Minimum alcohol pricing set to come into force in Scotland

Minimum alcohol pricing set to come into force in Scotland

Following the backing of the highest court in Scotland - and a referral to the European Court of Justice - the UK Supreme Court has now dismissed an appeal by the Scotch Whisky Association (SWA), ruling that the proposed minimum unit pricing policy is appropriately targeted, lawful and proportionate.

It is estimated that alcohol misuse costs Scotland £3.6 billion a year.

The Scottish Government anticipates setting the minimum unit price at 50 pence per unit, subject to the outcome of a consultation.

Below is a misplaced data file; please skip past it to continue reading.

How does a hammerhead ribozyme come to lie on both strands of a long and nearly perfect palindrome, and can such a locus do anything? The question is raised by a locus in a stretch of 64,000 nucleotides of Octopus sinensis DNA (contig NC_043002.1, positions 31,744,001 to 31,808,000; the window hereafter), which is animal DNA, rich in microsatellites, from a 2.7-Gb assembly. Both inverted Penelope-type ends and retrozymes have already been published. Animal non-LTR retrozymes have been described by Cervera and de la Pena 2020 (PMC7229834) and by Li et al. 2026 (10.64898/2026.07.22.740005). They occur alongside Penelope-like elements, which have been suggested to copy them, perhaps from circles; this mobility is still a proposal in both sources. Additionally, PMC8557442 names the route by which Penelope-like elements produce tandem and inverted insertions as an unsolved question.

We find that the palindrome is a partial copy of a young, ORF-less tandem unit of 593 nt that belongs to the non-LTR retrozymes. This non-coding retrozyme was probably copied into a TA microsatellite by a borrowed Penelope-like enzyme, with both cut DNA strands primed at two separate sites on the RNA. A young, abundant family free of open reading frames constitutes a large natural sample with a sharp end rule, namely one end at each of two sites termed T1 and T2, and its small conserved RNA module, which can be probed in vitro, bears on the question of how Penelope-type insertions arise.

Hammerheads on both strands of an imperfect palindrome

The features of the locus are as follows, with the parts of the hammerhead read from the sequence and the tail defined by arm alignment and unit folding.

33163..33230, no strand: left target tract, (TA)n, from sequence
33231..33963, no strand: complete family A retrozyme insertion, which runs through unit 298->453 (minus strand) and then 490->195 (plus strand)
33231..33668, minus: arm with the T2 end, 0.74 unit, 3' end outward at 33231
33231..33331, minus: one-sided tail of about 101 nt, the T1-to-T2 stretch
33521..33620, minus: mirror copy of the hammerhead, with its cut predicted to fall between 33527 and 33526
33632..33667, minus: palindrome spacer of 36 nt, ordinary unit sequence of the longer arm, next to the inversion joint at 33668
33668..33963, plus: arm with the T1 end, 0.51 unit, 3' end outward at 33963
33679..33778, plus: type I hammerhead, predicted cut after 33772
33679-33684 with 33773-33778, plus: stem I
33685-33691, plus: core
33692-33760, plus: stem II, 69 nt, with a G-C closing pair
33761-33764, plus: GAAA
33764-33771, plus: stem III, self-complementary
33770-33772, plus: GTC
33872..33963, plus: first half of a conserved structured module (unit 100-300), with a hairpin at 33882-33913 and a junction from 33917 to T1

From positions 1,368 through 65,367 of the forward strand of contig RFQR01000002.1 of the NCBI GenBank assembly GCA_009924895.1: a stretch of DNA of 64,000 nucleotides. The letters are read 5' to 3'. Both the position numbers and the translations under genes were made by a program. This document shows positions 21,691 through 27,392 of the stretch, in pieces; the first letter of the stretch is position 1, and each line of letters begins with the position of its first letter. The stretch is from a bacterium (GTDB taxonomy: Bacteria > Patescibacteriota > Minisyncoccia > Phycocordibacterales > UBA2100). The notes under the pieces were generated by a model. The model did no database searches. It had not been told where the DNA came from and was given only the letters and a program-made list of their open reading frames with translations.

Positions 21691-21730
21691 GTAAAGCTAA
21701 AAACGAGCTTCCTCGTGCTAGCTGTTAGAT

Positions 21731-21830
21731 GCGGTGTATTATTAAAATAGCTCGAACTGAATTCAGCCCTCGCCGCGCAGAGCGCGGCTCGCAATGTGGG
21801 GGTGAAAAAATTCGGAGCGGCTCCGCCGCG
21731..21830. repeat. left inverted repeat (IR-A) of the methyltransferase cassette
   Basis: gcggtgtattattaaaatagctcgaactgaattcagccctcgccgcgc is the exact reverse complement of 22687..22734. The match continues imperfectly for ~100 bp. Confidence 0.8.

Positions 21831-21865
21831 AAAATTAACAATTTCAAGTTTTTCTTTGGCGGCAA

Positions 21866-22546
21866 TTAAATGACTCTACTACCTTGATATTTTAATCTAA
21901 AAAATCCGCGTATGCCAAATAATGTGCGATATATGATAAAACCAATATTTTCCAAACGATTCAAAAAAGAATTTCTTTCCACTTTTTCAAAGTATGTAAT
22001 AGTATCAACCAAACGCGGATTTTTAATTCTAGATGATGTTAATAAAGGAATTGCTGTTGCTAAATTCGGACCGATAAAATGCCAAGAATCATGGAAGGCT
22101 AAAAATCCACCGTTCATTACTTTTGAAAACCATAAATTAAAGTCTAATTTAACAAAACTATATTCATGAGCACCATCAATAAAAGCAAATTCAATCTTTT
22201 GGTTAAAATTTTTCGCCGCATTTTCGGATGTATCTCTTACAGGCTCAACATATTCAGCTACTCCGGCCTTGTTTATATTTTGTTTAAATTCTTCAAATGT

It marks a significant blow to the drinks industry's opposition to minimum pricing on drinks and may set an important precedent.

'We regret, but respect, the Supreme Court decision and hope to count on the Scottish government to ensure a smooth implementation of this legislation, in a way that would as much as possible limit market distortion and preserve a level-playing field.' said Jean-Marie Barillère, president of CEEV.

"This is a historic and far-reaching judgement and a landmark moment in our ambition to turn around Scotland's troubled relationship with alcohol", she said.

This brings to a close a five year legal struggle over the Scottish Government's plan to introduce a 50p minimum unit price (MUP) for alcohol, in a bid to curb harmful drinking of cheap, super strong alcohol. It lodged a series of appeals against rulings by Scottish judges in favour of Sturgeon's plans.

The policy was introduced to combat alcohol-related illness and crime.